Real Estate Terminology 101
If you are new to the home buying process, it can seem intimidating. You’re entering into the biggest financial transaction you’ve undertaken so far in your life, and there are real legal and financial consequences if things go wrong. You want to be prepared, but sometimes just understanding the terminology commonly used in real estate can be a challenge. To help you out, we’ve compiled a list of some of the most commonly used real estate terms you’ll likely encounter as a new buyer, and their definitions, so that you can start your home search with confidence.
- Appraisal – A written analysis provided by a real estate appraiser that provides the estimated value of a home. Banks typically require appraisals to ensure that the mortgage loan amount is in line with the property’s estimated value.
- Assessed Value – The value of a property, as determined by a governing authority, that is the basis for property taxes and fees.
- Buyer’s Agent – A real estate agent that represents the buyer and their interests in a real estate transaction.
- Closing Costs – Fees associated with the closing of a real estate transaction. These fees vary, but could include credit reporting fees, escrow deposits for taxes and insurance, inspection and appraisal fees, title fees, recording fees, and underwriting or loan associated fees.
- Contingencies – Conditions that must be met in order to proceed to closing on the sale of a home. Typical contingencies include inspection, financing, and sometimes the sale of the buyer’s current home.
- Earnest Money – Sometimes referred to as a “good faith” deposit, this is money that the buyer pays in advance towards the purchase price of the home. It shows that the buyer is serious in their intent to purchase the home – it is held by a neutral third party until closing.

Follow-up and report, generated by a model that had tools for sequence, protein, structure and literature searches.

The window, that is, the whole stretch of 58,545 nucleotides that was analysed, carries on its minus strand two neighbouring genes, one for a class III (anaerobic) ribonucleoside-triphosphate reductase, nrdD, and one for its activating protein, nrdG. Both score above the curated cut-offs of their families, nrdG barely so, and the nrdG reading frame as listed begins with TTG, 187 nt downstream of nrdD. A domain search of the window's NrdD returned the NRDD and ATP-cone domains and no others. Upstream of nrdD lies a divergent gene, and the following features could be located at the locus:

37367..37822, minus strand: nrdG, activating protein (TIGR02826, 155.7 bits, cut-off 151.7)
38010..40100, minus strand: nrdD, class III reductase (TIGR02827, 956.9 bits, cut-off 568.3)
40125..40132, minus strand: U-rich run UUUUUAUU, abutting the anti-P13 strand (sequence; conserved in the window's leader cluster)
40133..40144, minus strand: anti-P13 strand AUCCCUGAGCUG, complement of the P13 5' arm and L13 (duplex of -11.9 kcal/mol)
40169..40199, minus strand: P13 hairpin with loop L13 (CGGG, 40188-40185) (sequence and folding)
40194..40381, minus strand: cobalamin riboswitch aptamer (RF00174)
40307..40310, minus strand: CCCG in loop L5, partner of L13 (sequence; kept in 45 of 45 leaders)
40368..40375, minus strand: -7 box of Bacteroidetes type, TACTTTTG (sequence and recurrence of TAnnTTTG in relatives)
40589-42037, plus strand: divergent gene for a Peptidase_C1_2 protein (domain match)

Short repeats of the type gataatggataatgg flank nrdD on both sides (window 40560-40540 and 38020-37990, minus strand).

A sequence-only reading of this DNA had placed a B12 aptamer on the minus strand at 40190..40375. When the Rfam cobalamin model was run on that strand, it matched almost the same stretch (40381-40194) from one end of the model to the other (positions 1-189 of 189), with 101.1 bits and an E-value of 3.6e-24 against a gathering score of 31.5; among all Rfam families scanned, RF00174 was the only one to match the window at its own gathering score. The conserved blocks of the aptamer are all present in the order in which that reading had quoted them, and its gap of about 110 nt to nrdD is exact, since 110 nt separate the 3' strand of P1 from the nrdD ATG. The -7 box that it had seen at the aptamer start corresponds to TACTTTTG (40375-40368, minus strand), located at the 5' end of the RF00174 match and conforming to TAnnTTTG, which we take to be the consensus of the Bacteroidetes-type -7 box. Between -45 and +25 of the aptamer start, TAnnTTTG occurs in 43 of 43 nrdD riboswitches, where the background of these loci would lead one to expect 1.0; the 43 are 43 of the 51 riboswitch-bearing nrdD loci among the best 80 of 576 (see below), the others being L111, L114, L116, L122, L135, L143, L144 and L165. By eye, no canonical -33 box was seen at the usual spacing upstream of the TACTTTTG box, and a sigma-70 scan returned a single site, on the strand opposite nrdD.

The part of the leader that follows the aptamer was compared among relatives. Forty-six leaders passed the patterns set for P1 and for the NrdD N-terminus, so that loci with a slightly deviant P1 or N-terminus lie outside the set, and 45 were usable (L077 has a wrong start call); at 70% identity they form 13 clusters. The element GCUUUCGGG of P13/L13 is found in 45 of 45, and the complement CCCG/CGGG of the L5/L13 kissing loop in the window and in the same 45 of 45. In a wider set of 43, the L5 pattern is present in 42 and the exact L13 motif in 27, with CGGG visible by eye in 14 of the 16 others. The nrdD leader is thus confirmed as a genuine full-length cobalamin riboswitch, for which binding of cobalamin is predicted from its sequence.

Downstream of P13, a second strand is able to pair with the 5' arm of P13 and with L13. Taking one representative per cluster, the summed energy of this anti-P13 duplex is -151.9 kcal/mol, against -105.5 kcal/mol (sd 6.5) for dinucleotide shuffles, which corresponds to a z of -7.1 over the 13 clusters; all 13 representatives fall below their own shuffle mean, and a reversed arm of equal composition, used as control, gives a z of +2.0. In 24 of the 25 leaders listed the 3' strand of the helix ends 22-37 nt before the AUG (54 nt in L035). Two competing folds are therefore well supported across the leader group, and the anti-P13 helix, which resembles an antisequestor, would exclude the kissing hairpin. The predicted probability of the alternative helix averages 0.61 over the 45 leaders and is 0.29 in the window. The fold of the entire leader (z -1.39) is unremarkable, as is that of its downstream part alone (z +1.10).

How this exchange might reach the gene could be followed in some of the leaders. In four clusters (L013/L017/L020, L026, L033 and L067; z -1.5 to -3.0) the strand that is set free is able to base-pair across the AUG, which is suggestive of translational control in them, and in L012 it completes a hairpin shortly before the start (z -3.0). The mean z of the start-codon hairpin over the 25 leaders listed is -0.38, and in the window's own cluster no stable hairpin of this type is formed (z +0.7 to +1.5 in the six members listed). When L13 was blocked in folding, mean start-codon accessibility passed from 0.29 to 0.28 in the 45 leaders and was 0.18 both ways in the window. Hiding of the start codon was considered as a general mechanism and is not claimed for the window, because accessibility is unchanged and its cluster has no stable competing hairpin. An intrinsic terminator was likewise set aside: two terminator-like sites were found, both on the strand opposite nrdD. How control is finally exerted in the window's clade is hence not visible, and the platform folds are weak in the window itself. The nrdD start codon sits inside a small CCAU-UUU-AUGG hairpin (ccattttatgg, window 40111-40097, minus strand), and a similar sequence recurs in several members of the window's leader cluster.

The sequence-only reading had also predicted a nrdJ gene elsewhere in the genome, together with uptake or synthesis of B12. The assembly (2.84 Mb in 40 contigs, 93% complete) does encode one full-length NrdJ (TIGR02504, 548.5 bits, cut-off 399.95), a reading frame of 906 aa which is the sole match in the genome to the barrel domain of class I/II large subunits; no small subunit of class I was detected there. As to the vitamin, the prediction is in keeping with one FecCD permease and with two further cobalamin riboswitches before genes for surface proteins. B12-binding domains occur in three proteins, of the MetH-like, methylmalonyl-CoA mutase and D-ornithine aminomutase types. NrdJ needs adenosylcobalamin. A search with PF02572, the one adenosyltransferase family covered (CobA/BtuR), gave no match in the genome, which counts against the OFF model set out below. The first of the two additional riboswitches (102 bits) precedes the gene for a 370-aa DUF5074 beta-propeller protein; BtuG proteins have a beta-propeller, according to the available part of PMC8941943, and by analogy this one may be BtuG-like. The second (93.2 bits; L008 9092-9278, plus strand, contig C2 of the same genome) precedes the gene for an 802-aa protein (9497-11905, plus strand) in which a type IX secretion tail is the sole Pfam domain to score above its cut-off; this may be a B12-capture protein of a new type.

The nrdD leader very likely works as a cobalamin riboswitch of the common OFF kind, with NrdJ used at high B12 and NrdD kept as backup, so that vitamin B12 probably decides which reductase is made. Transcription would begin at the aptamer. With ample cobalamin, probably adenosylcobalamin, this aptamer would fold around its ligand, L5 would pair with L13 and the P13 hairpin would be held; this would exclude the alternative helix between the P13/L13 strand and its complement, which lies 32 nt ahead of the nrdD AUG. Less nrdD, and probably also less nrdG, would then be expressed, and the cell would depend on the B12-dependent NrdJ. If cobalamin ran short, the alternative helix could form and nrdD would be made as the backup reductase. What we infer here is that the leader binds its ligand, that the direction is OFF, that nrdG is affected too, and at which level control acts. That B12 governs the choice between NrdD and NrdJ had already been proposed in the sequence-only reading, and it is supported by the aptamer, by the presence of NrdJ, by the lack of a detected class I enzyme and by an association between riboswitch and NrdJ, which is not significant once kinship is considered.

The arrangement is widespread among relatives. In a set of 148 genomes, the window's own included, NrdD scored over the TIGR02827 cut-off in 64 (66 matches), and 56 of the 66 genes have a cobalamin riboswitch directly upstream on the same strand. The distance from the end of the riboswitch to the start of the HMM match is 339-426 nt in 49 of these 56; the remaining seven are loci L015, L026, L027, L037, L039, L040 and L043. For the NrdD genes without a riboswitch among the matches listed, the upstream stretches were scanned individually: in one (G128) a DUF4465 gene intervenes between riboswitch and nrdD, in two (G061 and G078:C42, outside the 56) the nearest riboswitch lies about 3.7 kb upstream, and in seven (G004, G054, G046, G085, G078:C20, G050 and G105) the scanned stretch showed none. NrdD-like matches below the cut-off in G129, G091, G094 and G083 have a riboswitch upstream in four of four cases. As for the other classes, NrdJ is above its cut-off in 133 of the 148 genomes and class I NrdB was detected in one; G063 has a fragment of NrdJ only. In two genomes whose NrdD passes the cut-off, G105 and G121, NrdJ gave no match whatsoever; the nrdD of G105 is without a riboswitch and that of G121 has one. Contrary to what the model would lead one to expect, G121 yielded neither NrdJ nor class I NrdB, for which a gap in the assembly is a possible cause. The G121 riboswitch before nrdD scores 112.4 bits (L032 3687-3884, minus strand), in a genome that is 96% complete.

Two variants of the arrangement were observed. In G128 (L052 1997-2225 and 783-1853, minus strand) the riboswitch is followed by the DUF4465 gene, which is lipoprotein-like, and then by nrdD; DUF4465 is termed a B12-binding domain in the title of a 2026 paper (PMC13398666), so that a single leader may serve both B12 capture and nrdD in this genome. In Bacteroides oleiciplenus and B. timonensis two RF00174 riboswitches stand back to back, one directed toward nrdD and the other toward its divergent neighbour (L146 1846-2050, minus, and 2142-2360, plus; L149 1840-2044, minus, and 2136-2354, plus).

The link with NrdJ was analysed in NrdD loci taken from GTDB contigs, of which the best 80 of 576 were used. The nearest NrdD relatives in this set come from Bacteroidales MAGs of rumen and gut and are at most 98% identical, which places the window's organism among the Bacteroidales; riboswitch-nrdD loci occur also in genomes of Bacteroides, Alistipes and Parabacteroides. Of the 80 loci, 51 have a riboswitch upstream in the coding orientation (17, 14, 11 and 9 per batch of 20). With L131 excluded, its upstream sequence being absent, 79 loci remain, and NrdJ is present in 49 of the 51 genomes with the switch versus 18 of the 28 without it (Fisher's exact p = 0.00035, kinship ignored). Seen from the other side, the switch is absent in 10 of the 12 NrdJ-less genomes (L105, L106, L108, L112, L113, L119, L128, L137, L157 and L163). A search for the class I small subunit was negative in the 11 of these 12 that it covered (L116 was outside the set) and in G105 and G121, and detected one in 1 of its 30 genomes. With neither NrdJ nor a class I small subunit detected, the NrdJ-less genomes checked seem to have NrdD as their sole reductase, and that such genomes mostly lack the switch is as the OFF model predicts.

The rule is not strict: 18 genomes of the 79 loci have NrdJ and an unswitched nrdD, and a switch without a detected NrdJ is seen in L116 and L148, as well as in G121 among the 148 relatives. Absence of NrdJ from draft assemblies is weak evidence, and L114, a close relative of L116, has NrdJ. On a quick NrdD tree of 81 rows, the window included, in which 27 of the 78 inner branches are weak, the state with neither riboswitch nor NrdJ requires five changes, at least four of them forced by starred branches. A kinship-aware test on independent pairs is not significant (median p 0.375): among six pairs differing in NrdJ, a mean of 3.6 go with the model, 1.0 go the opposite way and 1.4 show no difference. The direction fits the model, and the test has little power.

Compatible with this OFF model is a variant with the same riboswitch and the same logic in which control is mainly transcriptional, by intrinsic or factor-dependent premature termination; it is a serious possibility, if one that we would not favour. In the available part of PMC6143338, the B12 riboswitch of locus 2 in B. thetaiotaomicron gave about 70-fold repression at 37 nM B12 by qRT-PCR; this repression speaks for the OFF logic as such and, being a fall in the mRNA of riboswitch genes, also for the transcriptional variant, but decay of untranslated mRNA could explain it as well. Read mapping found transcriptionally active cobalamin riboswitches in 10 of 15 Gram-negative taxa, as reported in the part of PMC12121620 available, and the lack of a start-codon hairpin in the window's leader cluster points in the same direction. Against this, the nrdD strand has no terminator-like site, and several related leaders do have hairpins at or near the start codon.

- Inspection – A thorough inspection of the home, performed by a licensed home inspector, to identify any issues with the structural or mechanical integrity of the home.
- Listing Agent – A realtor who presents a seller’s home for sale, and represents the seller and their interests in a real estate transaction.
- Offer – A proposal to purchase a home that, when accepted by both buying and selling parties, becomes a sales contract.
- Pre-Approval – A lender’s written guarantee to provide the buyer with a loan of “up to” a specified amount. A pre-approval can strengthen a buyer’s offer to purchase, since the seller can be reasonably assured that the buyer will qualify for the financing needed to purchase the home.
- Pre-Qualification – Less of a guarantee than a pre-approval, this is basically just an estimate of what you could qualify for as a buyer. This is a good first step for buyers to understand what their price range should be, but not as much of an asset when writing an offer.
- Sales Contract – When an offer to purchase a home is accepted by both the buyer and seller, it becomes a legal contract between the two parties to purchase a home for a specified amount and subject to specific conditions (contingencies).
It should be noted, that your best asset when starting your home search, is a qualified buyer’s agent. Not only can they explain these terms (and others) that you’re likely to encounter along the way, they can guide and help you make informed decisions with your best interests at heart. A buyer’s agent is your advocate and has the experience and skill to negotiate on your behalf to ensure that you get the best price on the best home for you – one that you will build many memories in for years to come. At Restaino & Associates, we LOVE our buyers. If you’re getting ready to start your home search, contact me today!